Thursday, March 25, 2010

A YaHoo News Headline Caught My Eye Today ...

"How To Tell if You're Middle Class ... Are you close?" The link took me to the following U.S. News article by Rick Newman entitled, How to Gage Your Middle-Class Status
( ).

I've known for quite some time that although our family earns what is considered a middle-class income, we live a more modest lifestyle than most middle-class Americans. Why would we live a more modest lifestyle than many others within our socio-economic class? I think the two primary factors that contribute to our lifestyle are, 1. we lived at or below the poverty line for decades and 2. we are now trying to play a financial "catch-up" game with regards to retirement quickly approaching within the next 10-15 years while continuing to raise our two youngest children.

What are we currently doing differently?
Housing - we live in a much smaller and less expensive home than the "average". Not only did our home cost considerably less, but it's smaller size results in lower utility and maintenance costs.
Credit - we only use credit as a tool to maintain an active credit score. We never purchase anything on credit unless we already have the cash to pay for it. If we don't have the money, we simply make do or go without
College Savings - Yes, we are VERY bad parents. We don't have a college savings plan for our children. (The first 20 years of parenting we lived at or below poverty and it simply took every dime we earned to support our family - there wasn't any extra for college savings plans.) Although we've never implemented a college savings plan, our children still have access to college. AB enlisted in the U.S. Air Force and earned the Montgomery G.I. Bill. He has plenty of money to pay for his college education without going into debt. AB appreciates and cherishes the education he's receiving because it is something HE has earned. JP is currently serving in the U.S. Navy and contributing to his Montgomery G.I. Bill. Although JP enlisted in the Navy to gain job training and work experience, he recognizes that he may have a desire to attend college in the future and thus, is contributing to that savings plan. What about OG and EJ's future education? Like AB and JP, we are leaving that in God's hand. God has made a way for AB and, if he desires it in the future, JP to attend college. With the many scholarships, military, grants, etc. available, we are confident that God will also make a way for OG and EJ if it is within His will for them to attend college.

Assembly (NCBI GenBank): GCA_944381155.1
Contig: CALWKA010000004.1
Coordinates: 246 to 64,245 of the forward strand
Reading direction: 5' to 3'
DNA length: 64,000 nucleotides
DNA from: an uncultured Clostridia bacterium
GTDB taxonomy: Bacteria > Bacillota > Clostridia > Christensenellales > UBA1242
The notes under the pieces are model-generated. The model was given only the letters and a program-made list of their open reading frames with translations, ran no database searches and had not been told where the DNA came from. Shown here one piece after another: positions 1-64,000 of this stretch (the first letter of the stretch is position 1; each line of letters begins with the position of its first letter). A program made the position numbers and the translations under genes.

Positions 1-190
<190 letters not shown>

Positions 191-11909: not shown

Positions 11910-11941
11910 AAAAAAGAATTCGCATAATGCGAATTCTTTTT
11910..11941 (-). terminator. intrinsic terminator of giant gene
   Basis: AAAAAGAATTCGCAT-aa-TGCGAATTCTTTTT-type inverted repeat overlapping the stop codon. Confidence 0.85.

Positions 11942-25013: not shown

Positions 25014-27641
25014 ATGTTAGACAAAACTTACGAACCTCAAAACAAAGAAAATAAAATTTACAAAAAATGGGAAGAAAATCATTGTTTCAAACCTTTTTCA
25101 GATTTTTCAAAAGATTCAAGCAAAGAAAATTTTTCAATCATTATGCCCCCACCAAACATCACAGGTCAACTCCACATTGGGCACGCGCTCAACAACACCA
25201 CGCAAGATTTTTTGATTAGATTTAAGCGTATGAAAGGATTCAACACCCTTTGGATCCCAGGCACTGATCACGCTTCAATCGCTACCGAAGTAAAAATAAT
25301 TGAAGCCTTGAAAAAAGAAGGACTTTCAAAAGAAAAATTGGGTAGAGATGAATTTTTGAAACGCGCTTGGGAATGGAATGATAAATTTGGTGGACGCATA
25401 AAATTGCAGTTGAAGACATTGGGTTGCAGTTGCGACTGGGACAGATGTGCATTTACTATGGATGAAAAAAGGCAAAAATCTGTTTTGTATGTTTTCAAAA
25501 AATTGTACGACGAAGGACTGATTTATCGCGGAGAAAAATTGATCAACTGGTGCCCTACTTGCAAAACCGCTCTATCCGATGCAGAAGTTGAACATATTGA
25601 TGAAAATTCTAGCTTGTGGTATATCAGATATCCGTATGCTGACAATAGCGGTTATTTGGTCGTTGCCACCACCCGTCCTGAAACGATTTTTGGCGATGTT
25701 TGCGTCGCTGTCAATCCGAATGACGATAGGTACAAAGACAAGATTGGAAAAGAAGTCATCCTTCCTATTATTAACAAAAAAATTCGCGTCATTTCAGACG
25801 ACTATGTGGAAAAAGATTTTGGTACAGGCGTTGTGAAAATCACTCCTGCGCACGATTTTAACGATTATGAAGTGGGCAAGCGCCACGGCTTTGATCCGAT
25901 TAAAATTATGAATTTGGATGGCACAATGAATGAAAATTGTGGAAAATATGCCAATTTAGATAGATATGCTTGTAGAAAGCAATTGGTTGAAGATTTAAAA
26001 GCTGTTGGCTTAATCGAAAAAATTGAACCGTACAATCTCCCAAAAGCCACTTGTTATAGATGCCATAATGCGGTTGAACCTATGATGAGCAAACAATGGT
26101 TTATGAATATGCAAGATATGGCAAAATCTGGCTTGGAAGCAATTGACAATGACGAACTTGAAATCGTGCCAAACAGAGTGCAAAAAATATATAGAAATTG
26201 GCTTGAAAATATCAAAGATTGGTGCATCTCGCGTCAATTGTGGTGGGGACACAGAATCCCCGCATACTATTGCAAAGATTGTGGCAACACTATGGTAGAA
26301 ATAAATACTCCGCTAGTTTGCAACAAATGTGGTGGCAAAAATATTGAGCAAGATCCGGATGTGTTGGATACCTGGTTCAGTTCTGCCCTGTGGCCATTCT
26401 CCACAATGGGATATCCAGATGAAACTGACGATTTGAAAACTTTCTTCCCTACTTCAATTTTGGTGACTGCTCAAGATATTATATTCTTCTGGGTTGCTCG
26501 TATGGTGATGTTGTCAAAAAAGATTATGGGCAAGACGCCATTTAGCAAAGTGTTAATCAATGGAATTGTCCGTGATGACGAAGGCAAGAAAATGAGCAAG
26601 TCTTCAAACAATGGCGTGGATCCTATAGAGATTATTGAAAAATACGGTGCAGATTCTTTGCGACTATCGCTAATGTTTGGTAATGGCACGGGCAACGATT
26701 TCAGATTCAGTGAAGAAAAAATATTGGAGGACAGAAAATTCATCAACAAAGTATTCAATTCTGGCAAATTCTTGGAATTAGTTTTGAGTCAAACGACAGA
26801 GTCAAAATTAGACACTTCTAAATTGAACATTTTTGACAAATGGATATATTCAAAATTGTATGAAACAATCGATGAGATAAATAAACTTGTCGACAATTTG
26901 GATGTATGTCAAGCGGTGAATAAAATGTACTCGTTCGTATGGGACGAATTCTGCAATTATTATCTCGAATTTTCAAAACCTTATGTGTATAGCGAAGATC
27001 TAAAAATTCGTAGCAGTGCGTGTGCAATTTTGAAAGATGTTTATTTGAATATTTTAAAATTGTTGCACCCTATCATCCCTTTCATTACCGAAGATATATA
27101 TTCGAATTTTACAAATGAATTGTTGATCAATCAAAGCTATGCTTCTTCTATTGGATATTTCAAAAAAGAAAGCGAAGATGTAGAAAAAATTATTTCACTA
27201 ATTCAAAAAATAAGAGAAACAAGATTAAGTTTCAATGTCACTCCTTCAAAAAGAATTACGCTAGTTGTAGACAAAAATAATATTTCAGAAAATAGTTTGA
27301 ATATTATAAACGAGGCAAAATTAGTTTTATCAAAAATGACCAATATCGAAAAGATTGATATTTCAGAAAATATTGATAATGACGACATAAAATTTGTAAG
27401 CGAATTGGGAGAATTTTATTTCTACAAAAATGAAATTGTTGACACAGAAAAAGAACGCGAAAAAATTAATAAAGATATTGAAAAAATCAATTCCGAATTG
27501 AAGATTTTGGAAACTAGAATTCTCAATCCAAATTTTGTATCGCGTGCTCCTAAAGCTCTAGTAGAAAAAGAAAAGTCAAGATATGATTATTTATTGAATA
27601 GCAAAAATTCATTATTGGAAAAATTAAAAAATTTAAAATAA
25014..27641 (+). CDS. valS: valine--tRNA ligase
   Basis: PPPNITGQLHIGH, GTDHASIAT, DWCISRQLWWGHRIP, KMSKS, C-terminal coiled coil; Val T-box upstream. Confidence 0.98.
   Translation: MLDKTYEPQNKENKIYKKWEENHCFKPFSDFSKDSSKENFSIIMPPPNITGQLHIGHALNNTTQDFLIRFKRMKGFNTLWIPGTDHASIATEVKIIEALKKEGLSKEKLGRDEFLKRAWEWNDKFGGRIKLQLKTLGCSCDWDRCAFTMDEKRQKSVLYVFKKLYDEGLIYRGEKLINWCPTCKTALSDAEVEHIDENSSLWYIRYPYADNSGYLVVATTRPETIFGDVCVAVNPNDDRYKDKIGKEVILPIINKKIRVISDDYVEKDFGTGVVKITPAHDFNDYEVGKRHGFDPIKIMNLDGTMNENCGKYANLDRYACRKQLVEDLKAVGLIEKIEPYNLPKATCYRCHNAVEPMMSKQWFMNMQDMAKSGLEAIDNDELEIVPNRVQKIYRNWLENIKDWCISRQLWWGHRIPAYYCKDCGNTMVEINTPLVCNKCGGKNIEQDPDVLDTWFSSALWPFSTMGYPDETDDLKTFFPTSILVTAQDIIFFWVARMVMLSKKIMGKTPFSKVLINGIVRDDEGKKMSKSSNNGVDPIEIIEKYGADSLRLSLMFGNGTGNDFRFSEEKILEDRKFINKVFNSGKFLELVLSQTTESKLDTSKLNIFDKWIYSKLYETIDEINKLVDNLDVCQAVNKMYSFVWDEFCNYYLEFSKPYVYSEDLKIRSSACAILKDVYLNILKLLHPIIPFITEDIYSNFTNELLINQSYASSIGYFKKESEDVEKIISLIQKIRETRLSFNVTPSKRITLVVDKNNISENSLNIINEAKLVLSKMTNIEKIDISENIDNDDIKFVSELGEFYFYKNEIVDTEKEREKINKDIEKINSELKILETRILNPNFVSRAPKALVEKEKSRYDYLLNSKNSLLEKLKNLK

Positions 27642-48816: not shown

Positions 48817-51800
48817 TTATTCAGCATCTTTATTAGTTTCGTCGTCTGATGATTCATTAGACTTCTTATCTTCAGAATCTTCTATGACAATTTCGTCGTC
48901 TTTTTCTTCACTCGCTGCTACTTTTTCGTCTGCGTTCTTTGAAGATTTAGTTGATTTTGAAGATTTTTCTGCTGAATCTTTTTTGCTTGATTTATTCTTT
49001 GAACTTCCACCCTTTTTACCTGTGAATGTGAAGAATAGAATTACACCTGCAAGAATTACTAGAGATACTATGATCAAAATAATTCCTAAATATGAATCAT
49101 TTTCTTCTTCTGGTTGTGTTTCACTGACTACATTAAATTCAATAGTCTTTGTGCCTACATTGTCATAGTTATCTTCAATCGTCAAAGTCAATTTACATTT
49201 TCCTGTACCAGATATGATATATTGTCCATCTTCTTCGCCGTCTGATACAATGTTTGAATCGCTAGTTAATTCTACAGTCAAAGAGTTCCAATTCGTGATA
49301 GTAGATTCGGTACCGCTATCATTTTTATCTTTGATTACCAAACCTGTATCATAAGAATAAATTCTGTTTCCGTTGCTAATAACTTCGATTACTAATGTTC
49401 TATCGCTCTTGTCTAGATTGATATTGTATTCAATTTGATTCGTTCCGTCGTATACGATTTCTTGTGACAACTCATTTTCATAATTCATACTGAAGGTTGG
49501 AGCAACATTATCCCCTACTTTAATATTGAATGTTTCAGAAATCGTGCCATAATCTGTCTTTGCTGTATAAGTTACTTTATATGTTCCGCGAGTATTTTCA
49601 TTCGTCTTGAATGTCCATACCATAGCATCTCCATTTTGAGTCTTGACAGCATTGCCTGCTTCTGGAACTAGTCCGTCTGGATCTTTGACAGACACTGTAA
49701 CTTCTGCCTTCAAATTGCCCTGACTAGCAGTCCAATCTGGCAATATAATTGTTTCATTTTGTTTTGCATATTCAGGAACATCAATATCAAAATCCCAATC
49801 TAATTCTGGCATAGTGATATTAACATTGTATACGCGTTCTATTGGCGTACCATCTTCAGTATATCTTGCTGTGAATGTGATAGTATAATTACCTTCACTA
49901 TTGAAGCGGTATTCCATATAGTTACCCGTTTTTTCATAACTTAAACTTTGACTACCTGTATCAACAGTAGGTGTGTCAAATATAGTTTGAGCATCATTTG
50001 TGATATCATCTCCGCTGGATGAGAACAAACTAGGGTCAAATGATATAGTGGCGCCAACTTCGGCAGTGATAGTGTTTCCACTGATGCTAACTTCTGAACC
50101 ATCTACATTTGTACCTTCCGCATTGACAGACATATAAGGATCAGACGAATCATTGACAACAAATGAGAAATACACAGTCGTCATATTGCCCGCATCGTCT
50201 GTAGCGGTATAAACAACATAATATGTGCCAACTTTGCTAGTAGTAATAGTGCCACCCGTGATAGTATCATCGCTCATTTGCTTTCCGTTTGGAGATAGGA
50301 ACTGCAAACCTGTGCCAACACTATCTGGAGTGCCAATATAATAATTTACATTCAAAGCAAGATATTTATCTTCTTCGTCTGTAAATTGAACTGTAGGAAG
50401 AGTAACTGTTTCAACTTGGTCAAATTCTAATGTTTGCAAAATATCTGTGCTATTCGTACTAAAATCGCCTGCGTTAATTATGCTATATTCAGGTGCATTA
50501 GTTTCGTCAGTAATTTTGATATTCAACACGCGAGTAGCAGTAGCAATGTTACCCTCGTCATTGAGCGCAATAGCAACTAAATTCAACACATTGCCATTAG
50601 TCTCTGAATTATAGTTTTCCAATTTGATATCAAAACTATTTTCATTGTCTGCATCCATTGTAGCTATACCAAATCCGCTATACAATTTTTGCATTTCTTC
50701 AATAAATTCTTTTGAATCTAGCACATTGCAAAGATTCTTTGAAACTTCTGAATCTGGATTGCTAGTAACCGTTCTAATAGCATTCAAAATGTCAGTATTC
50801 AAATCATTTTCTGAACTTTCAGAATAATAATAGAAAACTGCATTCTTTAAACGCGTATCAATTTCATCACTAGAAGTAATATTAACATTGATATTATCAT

Autos - Mr. B and I share one vehicle. Like our previous autos, we bought it used. Although we did purchase this last one on credit (keeping that credit score active), we purchased one that was within our cash budget and since we had a no penalty interest rate (the only kind of interest rate we'd ever accept), we paid it off 14 months early.